Pakistan's proposed drug-pricing policy, two years in the making, satisfies no one

SINGAPORE--More than two years in the making, Pakistan's proposed new drug-pricing policy still hasn't won over drugmakers. The country's health ministry proffered a draft that would peg prices to those in India and Bangladesh, with generic prices at 30% less, on average, than the brand price in those neighboring countries.

As the policy was being drafted, the ministry involved was scrapped and replaced by the Ministry of National Health Services, Regulation. Along the way, all sorts of pricing plans were introduced, only to be dropped later. The new ministry came up with the latest draft, and officials there say the policy will likely become law by the end of this year.

Pharma organizations wasted no time denouncing the proposal, saying it lacks transparency and could trigger drug shortages. Industry reps had been working with government officials since 2012 to develop a policy. Five multinational companies have shut down production facilities in Pakistan in the meantime because of the nation's disjointed oversight, the industry groups pointed out. More than a dozen appeals of past pricing decisions are still pending before the Drug Regulatory of Pakistan (DRAP).

The Pakistan Pharmaceutical Manufacturers Association said the health ministry and DRAP not only ignored its recommendations, but ignored the fact that drug costs have been rising everywhere over past 15 years. The Pharma Bureau, which represents the Pakistan research interests of multinational companies, suggested the draft proposal still does not conform to international standards and does not offer "a predictable and transparent" process the industry can follow.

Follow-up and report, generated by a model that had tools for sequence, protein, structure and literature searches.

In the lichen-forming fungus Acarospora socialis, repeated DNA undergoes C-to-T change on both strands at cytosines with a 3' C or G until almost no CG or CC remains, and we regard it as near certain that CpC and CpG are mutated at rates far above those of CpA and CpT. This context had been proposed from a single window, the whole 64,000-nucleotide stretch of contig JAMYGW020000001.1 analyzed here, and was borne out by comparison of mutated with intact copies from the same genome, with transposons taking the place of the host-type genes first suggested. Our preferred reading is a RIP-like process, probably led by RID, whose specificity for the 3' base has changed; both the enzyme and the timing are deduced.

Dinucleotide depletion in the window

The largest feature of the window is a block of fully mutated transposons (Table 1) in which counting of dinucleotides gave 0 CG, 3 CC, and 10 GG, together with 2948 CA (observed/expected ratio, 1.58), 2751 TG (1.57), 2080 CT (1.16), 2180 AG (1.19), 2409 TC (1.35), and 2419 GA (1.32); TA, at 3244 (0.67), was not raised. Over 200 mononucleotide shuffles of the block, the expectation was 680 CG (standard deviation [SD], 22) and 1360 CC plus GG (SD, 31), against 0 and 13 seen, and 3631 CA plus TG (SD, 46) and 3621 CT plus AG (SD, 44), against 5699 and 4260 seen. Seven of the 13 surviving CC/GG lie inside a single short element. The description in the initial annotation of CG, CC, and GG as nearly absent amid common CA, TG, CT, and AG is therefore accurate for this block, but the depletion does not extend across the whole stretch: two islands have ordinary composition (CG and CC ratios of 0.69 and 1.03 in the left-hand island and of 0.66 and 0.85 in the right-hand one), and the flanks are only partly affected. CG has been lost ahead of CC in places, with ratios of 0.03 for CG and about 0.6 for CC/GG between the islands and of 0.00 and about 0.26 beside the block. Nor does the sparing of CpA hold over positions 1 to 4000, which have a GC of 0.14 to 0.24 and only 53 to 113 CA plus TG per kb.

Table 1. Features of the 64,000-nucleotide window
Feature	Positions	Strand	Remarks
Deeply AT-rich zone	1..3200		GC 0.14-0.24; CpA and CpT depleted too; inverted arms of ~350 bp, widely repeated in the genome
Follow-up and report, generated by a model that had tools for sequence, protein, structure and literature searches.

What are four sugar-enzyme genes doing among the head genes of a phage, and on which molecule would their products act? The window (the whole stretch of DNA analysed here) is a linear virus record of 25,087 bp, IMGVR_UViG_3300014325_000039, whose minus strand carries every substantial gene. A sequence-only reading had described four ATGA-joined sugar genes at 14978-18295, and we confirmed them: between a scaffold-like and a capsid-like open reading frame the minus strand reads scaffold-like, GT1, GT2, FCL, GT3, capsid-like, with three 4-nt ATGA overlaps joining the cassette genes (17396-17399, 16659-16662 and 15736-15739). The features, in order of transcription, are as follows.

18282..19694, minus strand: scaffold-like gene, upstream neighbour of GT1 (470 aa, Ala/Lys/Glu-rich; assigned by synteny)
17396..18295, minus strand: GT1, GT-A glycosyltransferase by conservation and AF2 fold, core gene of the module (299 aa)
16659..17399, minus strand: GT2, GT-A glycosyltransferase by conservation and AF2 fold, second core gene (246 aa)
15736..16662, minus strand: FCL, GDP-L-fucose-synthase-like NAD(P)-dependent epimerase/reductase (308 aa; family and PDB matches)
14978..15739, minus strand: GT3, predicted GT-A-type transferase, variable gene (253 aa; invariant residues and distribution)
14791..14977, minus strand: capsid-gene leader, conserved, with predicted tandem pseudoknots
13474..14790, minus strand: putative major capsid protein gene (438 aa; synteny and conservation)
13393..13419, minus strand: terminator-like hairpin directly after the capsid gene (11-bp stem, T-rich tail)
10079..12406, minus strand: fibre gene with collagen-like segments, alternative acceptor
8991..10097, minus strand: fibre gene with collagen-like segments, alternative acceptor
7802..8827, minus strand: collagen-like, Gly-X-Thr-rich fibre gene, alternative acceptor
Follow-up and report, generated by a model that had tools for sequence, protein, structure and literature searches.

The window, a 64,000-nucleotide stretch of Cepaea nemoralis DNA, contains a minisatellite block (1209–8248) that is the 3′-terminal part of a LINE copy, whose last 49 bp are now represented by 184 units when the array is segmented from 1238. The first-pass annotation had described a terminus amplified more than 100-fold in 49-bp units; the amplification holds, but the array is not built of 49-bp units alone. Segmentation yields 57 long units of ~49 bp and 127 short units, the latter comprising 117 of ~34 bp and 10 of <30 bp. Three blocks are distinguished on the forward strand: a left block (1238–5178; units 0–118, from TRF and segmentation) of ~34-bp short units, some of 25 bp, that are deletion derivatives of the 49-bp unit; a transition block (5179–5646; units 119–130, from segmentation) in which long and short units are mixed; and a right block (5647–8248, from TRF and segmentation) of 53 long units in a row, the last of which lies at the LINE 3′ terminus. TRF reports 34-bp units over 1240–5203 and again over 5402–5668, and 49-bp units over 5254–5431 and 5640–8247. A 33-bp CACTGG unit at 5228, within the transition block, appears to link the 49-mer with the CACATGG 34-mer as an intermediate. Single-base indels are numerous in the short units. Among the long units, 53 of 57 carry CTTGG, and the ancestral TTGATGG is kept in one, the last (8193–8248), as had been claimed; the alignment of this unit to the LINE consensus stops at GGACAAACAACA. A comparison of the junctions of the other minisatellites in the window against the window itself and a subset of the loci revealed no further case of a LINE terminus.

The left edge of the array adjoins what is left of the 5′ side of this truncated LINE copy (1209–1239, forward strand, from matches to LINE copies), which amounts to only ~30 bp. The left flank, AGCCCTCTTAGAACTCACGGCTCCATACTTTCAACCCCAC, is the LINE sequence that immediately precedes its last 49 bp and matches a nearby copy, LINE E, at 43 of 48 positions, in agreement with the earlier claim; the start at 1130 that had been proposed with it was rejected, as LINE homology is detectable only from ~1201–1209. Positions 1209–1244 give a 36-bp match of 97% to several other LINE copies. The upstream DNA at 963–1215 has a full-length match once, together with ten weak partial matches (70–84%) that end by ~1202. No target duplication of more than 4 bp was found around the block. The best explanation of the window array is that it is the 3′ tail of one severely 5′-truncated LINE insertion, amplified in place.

Bureau Co-Chairman Arshad Hussain said at a news conference that Pakistan's pharmaceutical market is worth $2.3 billion, a tenth the size of India's. He said Pakistan has 600 companies operating in its market, exporting $190 million worth of drugs, versus India's $25 billion as of the end of the current fiscal year.

Indian drugmakers, he said, have been "struggling to survive in a lopsided regulatory environment" focusing on controlling prices rather quality standards. The result, he said, has been a shortage of essential medicines.

The DRAP draft goes into agonizing detail about its proposal, even designating formulae for pricing new strengths of drugs on the market. It also is concerned with pricing new pack sizes, in both cases also pro-rating the price on the basis of an existing cap.

One provision states that a the price of a "New Chemical Entry" would be based on the average price for the same brand in both India and Bangladesh, if available there. If the NCE is available in only one country, DRAP would rely on the average price there, with the exchange rate figured in.

If the NCE is not in either of those two markets, DRAP would fix the price based on the lowest retail price in developing countries that regulate drug prices, or on the wholesale price according to an index based on U.K., Australian or New Zealand drug-coverage programs.

Another section in the convoluted draft states that after 5 years on the Pakistan market--or in cases where at least three other generics are on the market, whichever is earlier--the maximum retail price of the original branded version would be lowered by 30%.

Meanwhile, the Pharma Bureau's Hussain said DRAP's policy draft, if implemented, would result in severe shortages of drugs considered essential and lifesaving in Pakistan and no new ones would be made available.

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